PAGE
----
As a leader, employee satisfaction should be at the top of your priority list. When employees are engaged, your customer service is better, your financial outlook is better, and your organizational culture is more attractive from the inside out. Creating higher employee satisfaction allows you to recruit your best talent and retain your best people, all while reducing that pesky turnover we hate so much. The most important thing you can do to set your working relationship up for success with your team members is to make sure that there are clear expectations on both sides of the equation. You as a leader need to be very clear about what it is you expect from them, and also don’t shy away from listening to them about what it is they expect from you in the relationship.
Setting Clear Expectations
I remember starting in a mid-level manager role before, and I thought my expectations were set on the table and clear as day. But as I went about doing the work that I thought I should be doing, I encountered resistance and shortly realized that that wasn’t at all what they expected from me. You can imagine this created a lot of frustration on my end. When an employee feels like they know what’s expected of them, they can go about doing that confidently, and they automatically feel successful in doing so. The opposite is also true if we are not clear with our team members in advance about what it is that we want them to do and vice versa. They will become frustrated, and it will become demotivating, which eventually will decrease their satisfaction and ultimately make them now want to stay within the organization.
Establishing Relationships & Introducing Different Circles
Another thing you can do with your team members is ensure that they know other people at work and that they begin to establish bonds early on. Gallup has been reporting for years now that employees stay longer at their jobs because they feel like they have friends there. This becomes a big reason why there is an increase in both job satisfaction and workplace retention. One way to encourage bonds is to create a buddy system within your team, where you assign someone to the new team member. Making sure that they go to lunch together, and that they show them around town and where things are inside the building or in your organization, such as internal resources. This is a great way to set them up for success.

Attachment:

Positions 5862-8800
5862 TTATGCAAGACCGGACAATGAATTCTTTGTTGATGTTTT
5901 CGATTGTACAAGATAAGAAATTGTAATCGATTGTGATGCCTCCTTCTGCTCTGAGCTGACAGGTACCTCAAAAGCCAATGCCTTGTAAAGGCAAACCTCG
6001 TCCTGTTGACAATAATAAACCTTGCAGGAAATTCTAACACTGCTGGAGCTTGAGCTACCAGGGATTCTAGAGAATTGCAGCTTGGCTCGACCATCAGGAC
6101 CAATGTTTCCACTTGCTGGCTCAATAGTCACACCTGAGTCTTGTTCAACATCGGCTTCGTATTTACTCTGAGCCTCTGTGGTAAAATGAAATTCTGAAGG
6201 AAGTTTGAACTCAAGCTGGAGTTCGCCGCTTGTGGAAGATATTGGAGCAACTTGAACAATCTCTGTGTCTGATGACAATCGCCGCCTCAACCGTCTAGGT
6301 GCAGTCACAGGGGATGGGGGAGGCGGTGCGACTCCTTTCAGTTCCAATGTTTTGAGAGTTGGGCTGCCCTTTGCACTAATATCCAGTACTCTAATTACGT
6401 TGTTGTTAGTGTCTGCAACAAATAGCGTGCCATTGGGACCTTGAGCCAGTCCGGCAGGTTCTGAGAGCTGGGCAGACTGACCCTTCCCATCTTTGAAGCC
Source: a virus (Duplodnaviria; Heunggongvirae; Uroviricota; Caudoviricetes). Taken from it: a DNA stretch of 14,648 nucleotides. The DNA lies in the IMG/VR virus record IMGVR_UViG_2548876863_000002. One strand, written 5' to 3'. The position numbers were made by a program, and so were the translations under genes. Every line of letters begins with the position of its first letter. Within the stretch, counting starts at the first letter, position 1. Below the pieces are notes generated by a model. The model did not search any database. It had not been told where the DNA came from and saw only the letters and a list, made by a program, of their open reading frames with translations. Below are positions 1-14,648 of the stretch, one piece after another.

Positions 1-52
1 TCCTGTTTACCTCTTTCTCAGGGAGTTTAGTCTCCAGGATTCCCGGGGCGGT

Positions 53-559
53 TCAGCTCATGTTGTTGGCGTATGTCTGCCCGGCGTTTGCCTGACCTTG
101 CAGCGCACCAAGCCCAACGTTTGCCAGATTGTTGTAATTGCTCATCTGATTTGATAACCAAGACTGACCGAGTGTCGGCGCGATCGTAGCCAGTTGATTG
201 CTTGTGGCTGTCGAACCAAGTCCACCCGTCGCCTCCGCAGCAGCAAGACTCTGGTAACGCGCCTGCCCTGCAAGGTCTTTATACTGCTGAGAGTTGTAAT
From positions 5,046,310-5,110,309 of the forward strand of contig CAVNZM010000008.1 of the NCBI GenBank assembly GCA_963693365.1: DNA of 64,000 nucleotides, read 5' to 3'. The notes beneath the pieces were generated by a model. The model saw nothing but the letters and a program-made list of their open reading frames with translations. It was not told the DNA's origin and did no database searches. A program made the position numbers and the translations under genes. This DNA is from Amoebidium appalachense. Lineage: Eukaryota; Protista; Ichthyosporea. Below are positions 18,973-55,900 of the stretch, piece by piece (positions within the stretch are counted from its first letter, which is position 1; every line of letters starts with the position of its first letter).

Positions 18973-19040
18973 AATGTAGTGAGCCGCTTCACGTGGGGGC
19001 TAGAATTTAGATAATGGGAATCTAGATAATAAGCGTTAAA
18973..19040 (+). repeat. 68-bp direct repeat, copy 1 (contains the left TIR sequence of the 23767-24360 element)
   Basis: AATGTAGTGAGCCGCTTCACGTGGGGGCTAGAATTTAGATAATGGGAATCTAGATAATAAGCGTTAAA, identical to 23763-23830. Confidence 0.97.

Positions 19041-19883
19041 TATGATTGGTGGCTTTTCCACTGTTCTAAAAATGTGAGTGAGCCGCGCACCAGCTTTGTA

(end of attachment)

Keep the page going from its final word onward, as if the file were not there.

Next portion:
As we think about creating those bonds and those friendships at work, another key aspect is making sure we introduce our team members to different circles, so they aren’t actually in silos, and they aren’t having homogeneous belief systems. Give them a start where they can really open their minds and flourish. I remember working in an organization where my manager actually took me to lunch that first week, even the first day, and it really meant a lot to me that he slowed down enough to spend that time with me. It may not seem a lot to you at the moment, but it could really play a huge part in making your new employees feel comfortable and welcomed.
Increasing Employee Satisfaction
Although creating bonds is critical, increasing employee satisfaction is another thing to focus on. Within a team member’s first 90 days, we need to be sure they have all the right tools to be successful. They need to know their designated workspace and, what software is needed, everything they may need to go about doing their job, so they can feel successful early on. If we don’t do that, they feel like they’re falling down, and that will create a lot of friction, making them go down the spiral of, “Do I really want to stay here long term.?”
I remember working for an organization that had a checklist that their IT and HR team worked collectively on to make sure I had all my access points and was introduced to the right people along the way. They made sure that I had my workspace in order, and my chair was great – it was just a seamless process that made me feel successful early on and like I belonged as we checked those boxes together. I already felt like I was a valuable team member and that I could be successful on that team. All three elements are really important in building a winning culture of increased employee engagement and overall satisfaction.